XGI Tech (Jeryuan Yan): Red Flag will be the next Linux distribution, they already tested our card. I believe Red Flag will officially support Volari shortly.
Phoronix (Michael Larabel): At this time your Volari Reactor drivers support Windows XP 64-bit capabilities, but your Linux binaries remain strictly 32-bit, when can we expect to see any 64-bit functionality and are there intentions of bringing multi-threaded support to the drivers for Symmetric Multi-Processing (SMP) systems?
XGI Tech (Jeryuan Yan): Our current plan is shooting for end of June in 2006, I mean the official Volari Linux driver. You are free to re-compile our open source code driver on any 64-bit platform.
Phoronix (Michael Larabel): Are you able to share at this time any of the items on your driver team's upcoming TODO list that may entice gamers or enthusiasts whether it be for your Windows or Linux drivers?
XGI Tech (Jeryuan Yan): Yes, there are many tasks in their todo list, as I know panel rotation, virtual desktop support, support kernel 2.6, true video feature enhancement, etc... are coming soon.
Phoronix (Michael Larabel): During our last interview with you there was several references made to XGI's upcoming Linux supporting plan, now that the time has elapsed are you able to share with us any of the dominate details for this plan or where anyone can read more about this implementation?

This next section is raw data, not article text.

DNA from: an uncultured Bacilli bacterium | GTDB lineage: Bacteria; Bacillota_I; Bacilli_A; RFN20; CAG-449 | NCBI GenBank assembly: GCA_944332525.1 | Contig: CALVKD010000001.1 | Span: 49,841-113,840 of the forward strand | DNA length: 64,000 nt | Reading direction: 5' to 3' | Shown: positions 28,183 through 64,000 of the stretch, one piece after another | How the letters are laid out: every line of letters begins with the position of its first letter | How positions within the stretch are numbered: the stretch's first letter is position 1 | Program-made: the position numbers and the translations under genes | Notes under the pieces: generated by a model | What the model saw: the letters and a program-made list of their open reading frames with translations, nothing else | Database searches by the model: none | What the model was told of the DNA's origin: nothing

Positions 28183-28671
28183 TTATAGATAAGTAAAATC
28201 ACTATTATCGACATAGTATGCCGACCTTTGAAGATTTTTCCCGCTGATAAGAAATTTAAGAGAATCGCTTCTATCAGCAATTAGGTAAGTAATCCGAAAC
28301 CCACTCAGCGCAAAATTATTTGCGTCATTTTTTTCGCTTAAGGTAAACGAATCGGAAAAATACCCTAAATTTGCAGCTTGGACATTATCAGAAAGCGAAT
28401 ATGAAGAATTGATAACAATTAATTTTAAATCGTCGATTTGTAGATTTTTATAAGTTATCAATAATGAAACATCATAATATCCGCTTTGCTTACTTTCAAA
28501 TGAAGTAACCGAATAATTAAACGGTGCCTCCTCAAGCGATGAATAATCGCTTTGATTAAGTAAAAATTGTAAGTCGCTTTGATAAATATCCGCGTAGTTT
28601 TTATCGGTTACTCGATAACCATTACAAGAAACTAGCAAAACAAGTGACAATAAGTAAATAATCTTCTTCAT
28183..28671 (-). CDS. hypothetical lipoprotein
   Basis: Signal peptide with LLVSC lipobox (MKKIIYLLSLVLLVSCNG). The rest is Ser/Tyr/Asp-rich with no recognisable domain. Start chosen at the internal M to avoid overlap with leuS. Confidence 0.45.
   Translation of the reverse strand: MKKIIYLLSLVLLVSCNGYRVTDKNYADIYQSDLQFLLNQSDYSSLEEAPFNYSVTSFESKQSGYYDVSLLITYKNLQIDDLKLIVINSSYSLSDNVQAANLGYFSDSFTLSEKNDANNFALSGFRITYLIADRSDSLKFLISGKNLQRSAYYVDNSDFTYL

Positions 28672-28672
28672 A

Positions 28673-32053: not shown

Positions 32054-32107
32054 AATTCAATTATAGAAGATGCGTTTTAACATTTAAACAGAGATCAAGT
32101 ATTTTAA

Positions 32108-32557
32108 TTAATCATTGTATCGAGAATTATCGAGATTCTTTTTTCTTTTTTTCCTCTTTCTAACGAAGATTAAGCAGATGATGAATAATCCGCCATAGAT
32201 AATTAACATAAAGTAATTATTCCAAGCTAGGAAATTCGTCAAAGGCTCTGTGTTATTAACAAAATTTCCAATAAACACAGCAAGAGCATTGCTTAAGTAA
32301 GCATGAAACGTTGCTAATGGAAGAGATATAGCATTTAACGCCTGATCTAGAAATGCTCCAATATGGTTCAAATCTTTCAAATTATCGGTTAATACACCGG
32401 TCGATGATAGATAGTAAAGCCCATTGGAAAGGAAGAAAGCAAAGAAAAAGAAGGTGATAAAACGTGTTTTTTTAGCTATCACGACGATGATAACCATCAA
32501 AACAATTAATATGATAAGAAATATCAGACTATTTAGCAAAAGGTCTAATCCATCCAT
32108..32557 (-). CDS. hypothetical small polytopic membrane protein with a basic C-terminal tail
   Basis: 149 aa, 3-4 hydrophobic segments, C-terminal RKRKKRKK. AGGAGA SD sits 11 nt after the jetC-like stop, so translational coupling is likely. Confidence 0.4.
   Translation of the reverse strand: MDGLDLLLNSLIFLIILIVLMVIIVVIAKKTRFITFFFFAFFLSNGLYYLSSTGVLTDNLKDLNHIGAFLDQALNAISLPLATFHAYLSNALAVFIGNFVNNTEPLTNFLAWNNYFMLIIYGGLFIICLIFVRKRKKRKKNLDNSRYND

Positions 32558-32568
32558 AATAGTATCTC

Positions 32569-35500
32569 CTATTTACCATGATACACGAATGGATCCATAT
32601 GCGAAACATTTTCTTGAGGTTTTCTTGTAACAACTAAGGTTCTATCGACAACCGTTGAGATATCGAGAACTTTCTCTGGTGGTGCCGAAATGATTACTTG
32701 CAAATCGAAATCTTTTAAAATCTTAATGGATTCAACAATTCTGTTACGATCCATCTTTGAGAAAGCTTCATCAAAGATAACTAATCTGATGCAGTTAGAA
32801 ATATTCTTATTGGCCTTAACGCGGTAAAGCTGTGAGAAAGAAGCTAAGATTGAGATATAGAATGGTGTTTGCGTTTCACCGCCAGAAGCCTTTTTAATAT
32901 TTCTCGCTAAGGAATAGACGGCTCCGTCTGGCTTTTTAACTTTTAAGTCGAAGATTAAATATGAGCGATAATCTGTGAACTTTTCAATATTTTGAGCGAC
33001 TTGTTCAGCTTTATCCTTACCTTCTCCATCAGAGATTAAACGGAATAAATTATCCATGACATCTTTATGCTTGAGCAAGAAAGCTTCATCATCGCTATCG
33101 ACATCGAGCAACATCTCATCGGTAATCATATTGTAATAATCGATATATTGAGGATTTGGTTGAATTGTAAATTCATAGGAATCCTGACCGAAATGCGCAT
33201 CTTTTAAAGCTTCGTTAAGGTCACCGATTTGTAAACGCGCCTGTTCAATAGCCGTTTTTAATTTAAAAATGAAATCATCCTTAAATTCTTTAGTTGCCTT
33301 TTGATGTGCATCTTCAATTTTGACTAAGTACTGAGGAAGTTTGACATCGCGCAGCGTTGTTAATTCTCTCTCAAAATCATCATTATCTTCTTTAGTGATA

XGI Tech (Jeryuan Yan): There will be a majority change of driver architecture after Volari 8300 released. We plan to make a unified driver to support whole products. I cannot tell a schedule yet due to engineer still working on this feature. Meanwhile, this unified driver should support all the functions that the Windows driver has.
Phoronix (Michael Larabel): Since Computex of this year we've been enlightened by XGI Volari 8300 and 8600 series information, but up to this point we haven't seen any of your cards available in the retail channels, when do you expect these PCI Express cards to be available for the general public?
XGI Tech (Jeryuan Yan): At the time the reader reads this, Volari 8300 may already be released in Beijing China. The XGI Volari 8300 launch date is November 9, 2005.
Phoronix (Michael Larabel): The Volari 8300 graphics card is slated to be "perfect" when it comes to home-entertainment centers, especially with the GPU's low heat output, but will these cards be able to perform adequately when it comes to playing the latest game titles or 3D workstation applications?
XGI Tech (Jeryuan Yan): I will send you product specs of Volari 8300. The Volari 8300 is an entry level PCI-E GPU, it has sufficient 3D power to support online games but not for the hardcore gamer. Especially, the Volari 8300 comes with our new True-Video 2 technology, which provides very good video playback quality. I can say the video quality is only available with middle to high-end GPU in the market now.
Phoronix (Michael Larabel): With NVIDIA's Scalable Link Interface (SLI) Technology widely seen and ATI's CrossFire being available, does XGI have any interest in launching a similar type of Multi-GPU technology? If so, could you please elaborate? Likewise, you were first on the block with the Volari Duo are there any intentions of offering any other dual-GPU solutions?
XGI Tech (Jeryuan Yan): Currently XGI will not join the SLI/CrossFire war.
Phoronix (Michael Larabel): Thank you very much for taking the time to answer our questions, is there anything you would like to say to the public?
XGI Tech (Jeryuan Yan): Thank you for your interest in XGI products.